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Cheremosh Dance Festival preserves Ukrainian culture and heritage

This weekend, the Arden Theatre will be filled with bright red boots, embroidered dance costumes and lots of dazzling acrobatics at the Cheremosh Ukrainian Dance Festival.
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PREVIEW

Cheremosh Ukrainian Dance Festival

May 8 to 12

Arden Theatre

5 St. Anne Street

Adjudication performances: Free

Sunday Show of Stars tickets: $20 adults, $10 10 years and younger Call the Arden 780-459-1542 or at www.ticketmaster.ca.


This weekend, the Arden Theatre will be filled with bright red boots, embroidered dance costumes and lots of dazzling acrobatics at the Cheremosh Ukrainian Dance Festival.

A major Western Ukrainian Canadian dance festival and one of the largest in North America, Cheremosh attracts more than 1,200 high-calibre dancers annually.

They arrive from 41 different dance studios across the metropolitan Edmonton region, Westlock, St. Paul, Vermilion and Calgary. Out-of-province ensembles also roll in from Yellowknife, Prince George and Saskatoon.

“Last year, we even had interest from a group in the Ukraine, but it became a cost factor,” said festival director Vanessa Wiebe, also a nine-year professional dancer with Cheremosh Company

For organizers, adjudicators and dancers, the festival is a way to practice their culture and strengthen the community.

“At the end of the day, we just want everybody to love dance and preserve the Ukrainian culture.”

During the festival’s first four days, dancers perform for adjudicators who assess professionalism, technique, performance and big smiles. Sunday is capped with Show of Stars, a variety showcase of the highest scores performing alongside Cheremosh’s professional company.

“This final showcase is something you’ve never seen before. It’s cool to watch – the colour, the excitement, the energy. Ukrainian dance is happy. It’s bright and colourful,” Wiebe noted.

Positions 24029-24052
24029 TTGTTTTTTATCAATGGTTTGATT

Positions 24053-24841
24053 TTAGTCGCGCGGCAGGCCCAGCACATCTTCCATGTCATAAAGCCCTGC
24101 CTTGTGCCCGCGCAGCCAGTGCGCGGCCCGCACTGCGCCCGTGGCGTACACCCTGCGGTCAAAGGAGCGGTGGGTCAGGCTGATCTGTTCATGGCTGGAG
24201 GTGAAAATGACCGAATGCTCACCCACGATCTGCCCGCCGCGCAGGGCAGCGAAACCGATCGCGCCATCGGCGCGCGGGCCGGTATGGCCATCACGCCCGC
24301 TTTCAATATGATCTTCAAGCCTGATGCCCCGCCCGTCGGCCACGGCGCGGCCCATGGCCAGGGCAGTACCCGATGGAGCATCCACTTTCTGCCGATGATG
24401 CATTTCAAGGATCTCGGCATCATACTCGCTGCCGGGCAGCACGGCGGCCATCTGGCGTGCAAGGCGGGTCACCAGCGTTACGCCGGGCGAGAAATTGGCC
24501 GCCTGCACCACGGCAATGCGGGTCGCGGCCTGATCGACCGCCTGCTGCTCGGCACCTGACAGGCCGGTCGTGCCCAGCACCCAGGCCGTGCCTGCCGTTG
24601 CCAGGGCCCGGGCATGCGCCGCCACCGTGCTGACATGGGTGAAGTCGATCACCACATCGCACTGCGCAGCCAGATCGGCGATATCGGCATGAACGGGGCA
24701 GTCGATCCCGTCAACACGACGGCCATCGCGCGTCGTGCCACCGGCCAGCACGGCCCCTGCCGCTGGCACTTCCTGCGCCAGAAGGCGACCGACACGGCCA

Dancers perform choreography representing traditional dances from eight of Ukraine’s major regions. To the untrained eye, the dances are fairly similar.

However, Wiebe notes the steps, music, costumes and subtle nuances vary reflecting the traditional nature of each region. For instance, in Poltava, a central area of Ukraine, girls wear large floral headpieces and men don big showy pants.

In the colder mountainous area of Hutzl, dancers are more likely to don lots of layers adorned with fur.

“Dance is a huge part of who we are and we are a big community. It’s a proud culture and through dance we create bonds of friendship. Once you are connected in the Ukrainian community, it helps in all aspects of life. We’re a very tight-knit community.”

When Cheremosh planted its flag 35 years ago, there were no Ukrainian Dance Festivals. Dancers could only express their cultures by registering in the Ukrainian categories at mainstream festivals, explained Wiebe.

To showcase their culture, the noncompetitive festival was started by Corinne Warwaruk and Patricia Creighton, two current dancers at the time.

“When the Cheremosh started nearly 35 years ago, there was no way to enter just a cultural festival. This was the first really big festival promoting Ukrainian culture and dance.”

Today’s dancers range from about five years old to more mature ex-professional dancers no longer able to power those incredible leaps and high jumps, but who still love to perform more modest choreography.

The Arden Theatre's traditional theatre format is part of what gives the festival a certain allure.

“The Cheremosh Festival is always held in a traditional theatre and it gives students the opportunity to dance on a professional stage. Many kids from small towns dance in community halls. So when you put them in a professional level showcase, it becomes (a) fun experience for them.”

A Ukrainian market returns from Thursday to Saturday at the St. Albert Place plaza. U Kreations from Prince Albert is setting up a 20-foot-by-40-foot tent and will display assorted items such as Ukrainian ceramics, books, purses, wallets and home décor. Prairie Catering will also be on site serving piping hot traditional dishes.




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Anna Borowiecki

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